There is a famous spring hokku by Bashō:
A cloud of blossoms —
Is the bell Ueno?
Through a cloud of blooming cherry trees, the writer hears the sound of a distant, unseen temple bell. He wonders if it is coming from a temple in Ueno district? Or perhaps that in Asakusa?
The point of the hokku lies in the “concealing” mass of fresh spring blossoms combined with the unanswered question.
In contrast to that rather “high-class” hokku, there is an anonymous “low-class” senryu. You will recall that senryu is satirical verse, the “evil twin” of hokku, and no respecter of persons. So you will not surprised to find that the same expression used elegantly by Bashō — “a cloud of blossoms” (hana no kumo) — is used for a different “concealing” purpose here:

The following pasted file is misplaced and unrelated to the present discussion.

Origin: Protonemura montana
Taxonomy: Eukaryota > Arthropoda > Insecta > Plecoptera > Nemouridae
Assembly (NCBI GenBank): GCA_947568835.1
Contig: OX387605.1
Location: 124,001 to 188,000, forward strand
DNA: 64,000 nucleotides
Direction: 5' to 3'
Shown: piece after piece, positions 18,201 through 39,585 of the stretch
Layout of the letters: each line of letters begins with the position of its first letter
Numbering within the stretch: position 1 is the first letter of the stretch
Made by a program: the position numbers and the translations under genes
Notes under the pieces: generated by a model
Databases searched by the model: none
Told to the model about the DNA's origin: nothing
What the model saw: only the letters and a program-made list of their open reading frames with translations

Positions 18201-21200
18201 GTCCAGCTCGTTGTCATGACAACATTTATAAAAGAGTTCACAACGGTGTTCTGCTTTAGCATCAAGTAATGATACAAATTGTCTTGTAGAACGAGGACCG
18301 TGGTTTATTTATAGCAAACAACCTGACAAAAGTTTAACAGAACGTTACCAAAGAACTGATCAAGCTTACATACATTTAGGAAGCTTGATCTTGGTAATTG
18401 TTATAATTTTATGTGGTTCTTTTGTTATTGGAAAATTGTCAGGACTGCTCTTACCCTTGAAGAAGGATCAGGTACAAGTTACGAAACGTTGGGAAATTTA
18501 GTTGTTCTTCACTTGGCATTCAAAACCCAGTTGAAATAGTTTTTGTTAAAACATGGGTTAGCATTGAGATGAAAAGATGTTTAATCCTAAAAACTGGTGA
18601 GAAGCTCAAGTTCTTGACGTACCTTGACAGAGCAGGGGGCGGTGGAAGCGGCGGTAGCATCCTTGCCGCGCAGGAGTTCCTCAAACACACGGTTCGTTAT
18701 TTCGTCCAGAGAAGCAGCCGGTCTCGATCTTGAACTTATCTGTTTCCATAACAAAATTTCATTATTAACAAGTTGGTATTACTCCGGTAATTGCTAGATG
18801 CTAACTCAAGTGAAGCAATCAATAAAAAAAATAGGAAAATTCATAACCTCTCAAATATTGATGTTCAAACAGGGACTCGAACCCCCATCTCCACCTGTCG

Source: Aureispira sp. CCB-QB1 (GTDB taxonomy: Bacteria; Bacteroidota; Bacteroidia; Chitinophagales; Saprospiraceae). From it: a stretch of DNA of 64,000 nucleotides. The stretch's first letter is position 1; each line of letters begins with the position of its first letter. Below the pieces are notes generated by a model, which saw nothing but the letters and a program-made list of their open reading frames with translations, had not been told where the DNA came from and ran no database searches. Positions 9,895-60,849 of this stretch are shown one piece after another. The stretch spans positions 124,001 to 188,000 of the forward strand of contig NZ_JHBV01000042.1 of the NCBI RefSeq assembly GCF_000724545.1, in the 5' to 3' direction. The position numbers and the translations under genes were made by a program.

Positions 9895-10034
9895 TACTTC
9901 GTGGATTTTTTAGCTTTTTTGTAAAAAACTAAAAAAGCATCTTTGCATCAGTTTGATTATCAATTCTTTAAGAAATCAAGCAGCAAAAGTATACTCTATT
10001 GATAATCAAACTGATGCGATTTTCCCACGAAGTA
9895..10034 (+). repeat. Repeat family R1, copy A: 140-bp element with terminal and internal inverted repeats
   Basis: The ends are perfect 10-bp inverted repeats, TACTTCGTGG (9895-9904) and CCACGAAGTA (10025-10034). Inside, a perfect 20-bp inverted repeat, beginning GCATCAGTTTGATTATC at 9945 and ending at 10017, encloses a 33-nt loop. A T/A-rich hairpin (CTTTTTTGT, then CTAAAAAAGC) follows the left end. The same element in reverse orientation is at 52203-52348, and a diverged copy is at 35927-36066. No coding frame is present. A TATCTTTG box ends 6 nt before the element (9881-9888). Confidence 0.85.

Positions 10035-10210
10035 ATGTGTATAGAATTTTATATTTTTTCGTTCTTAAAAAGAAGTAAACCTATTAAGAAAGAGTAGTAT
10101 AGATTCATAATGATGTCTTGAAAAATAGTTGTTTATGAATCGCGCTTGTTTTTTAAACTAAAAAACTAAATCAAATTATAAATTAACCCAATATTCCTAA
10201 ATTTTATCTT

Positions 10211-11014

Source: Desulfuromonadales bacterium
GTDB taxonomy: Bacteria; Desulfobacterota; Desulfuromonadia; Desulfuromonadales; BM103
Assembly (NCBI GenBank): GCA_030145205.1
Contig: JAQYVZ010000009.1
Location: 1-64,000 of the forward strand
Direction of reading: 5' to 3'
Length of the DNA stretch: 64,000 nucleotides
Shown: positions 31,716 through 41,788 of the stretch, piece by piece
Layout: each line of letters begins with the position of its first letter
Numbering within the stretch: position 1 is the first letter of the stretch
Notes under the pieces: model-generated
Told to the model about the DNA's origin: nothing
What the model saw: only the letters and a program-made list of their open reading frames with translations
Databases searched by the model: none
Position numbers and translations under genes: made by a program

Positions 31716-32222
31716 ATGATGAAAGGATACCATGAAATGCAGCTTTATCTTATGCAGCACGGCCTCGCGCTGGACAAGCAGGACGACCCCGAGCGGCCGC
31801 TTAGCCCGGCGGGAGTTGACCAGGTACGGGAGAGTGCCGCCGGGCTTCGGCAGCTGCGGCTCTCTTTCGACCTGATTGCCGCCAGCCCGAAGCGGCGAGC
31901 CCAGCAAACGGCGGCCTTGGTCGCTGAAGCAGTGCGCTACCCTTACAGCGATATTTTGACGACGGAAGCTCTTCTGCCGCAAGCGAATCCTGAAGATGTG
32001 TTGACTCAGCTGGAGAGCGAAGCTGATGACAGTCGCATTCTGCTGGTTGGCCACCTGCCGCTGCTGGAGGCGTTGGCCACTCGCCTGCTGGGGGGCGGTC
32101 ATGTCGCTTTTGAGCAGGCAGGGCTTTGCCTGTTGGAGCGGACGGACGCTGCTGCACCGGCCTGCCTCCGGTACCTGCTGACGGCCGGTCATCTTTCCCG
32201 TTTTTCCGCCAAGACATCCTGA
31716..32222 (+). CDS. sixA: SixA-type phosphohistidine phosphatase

The public restroom —
A cloud of blossoms.
There is also another interesting senryu about cherry blossoms, which I translate loosely here:
The clever wife —
She makes him take the child
To view the blossoms.
The point is that the wife does not trust her husband out by himself, so when he casually remarks that he is going to view the cherry blossoms, she uses her wits and makes him take the kid along, to keep the untrustworthy husband out of “not respectable” establishments.
You may recall that in old hokku, the word “blossoms,” when used without a qualifier, was understood to mean cherry blossoms.